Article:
JOHANNESBURG, July 21 (Reuters) - South African advisory firm Trillian on Friday denied it was paid for work it did not do for state-power company Eskom, saying that it provided various support functions.
The firm, which is being investigated over allegations of corruption, is owned by the Gupta brothers, businessmen with close ties to South African President Jacob Zuma including having previously employed his son, Duduzane.
The brothers have been accused by members of the ruling African National Congress (ANC) of using their political connections to win government contracts. They, and Zuma, have denied any wrongdoing.
A June 29 investigation carried out by attorney Geoff Budlender, which was commissioned by Trillian Chairman Tokyo Sexwale, found that Trillian had been paid 495 million rand ($39 million) by Eskom despite carrying out no work.
Trillian denied the findings and said it was paid for providing technical expertise as well as back office support.
“Trillian maintains that work was conducted for the invoices raised,” the company said in a statement. “Trillian therefore wishes to reiterate that it has only billed for work that it had completed and was entitled to.”
Eskom and global consultancy McKinsey have opened separate investigations after both companies denied having a contract with Trillian despite working with the firm.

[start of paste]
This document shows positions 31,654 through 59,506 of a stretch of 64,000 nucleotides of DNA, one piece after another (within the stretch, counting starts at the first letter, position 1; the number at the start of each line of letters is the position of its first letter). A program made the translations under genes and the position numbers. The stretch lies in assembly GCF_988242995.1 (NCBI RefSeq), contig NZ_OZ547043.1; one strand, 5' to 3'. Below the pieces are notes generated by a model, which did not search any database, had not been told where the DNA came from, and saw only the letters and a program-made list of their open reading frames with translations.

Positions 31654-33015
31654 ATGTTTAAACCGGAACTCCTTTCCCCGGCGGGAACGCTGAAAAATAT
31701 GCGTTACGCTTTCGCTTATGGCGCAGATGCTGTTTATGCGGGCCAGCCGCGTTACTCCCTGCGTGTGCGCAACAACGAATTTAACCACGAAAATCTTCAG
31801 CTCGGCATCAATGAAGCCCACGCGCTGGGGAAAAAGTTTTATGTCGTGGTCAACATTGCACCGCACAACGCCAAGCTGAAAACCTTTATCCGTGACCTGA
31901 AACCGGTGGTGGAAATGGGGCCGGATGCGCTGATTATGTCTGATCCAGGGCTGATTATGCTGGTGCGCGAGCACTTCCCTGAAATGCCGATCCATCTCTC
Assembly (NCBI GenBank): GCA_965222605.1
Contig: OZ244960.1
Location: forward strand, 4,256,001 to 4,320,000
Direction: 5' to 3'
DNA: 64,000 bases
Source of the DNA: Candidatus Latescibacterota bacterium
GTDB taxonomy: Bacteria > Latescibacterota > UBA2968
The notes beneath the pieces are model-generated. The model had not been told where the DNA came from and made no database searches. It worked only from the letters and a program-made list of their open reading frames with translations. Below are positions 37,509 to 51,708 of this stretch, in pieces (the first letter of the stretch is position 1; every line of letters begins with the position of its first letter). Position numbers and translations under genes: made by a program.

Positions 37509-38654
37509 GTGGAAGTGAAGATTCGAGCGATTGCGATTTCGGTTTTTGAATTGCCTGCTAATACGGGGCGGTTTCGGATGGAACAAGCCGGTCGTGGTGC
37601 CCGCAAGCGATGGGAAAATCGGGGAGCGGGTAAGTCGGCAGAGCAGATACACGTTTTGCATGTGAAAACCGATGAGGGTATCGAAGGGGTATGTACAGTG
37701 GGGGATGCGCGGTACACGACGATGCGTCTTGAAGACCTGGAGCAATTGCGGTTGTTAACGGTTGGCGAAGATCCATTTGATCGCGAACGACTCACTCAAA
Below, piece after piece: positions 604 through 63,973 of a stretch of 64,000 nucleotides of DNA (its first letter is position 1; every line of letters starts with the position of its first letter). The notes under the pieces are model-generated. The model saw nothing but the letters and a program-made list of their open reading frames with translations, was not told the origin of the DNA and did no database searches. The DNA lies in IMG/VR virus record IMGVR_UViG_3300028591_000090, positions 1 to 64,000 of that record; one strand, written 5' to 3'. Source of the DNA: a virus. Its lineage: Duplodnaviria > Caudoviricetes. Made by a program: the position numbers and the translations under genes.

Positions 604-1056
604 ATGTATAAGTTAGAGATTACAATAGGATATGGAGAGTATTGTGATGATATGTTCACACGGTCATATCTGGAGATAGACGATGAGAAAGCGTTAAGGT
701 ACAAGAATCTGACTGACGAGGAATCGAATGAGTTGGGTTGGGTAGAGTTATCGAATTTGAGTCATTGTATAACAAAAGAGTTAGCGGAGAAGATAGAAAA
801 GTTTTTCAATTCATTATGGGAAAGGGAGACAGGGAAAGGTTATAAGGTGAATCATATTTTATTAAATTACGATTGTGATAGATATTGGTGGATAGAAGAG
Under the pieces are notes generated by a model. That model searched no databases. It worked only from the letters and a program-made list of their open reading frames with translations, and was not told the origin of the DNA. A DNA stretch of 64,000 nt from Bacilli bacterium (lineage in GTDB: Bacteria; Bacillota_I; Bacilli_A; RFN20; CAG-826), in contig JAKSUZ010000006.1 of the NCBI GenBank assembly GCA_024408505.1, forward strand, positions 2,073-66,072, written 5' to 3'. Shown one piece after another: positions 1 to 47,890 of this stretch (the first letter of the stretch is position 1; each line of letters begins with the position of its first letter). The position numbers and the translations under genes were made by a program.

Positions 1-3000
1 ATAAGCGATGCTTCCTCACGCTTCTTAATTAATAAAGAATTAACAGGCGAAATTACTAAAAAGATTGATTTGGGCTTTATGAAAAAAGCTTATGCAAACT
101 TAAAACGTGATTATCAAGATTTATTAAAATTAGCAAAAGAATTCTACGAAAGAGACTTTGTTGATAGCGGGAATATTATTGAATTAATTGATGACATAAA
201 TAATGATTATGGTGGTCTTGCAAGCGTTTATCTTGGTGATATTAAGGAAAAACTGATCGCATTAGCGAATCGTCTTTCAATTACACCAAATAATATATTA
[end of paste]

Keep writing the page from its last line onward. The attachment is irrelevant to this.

Eskom, which previously said it never paid Trillian, said this week it did pay the firm but as a sub-contractor of McKinsey and at the consultancy’s request.
McKinsey says it never had a contractual relationship with Trillian although it did work alongside the firm. McKinsey says a letter written by one of its partners to Eskom asking it to pay Trillian as a subcontractor was inaccurate.
Eskom has paid McKinsey 900 million rand ($70 million) for consultancy work but both parties have suspended their relationship.
McKinsey is one of several companies to be dragged into a scandal in South Africa involving government contracts granted to companies controlled by members of the Gupta family.
Members of the ANC have called for Zuma to stand down over the allegations and a judicial inquiry to be opened. ($1 = 12.8825 rand) (Reporting by Joe Brock; Editing by James Macharia/Jeremy Gaunt)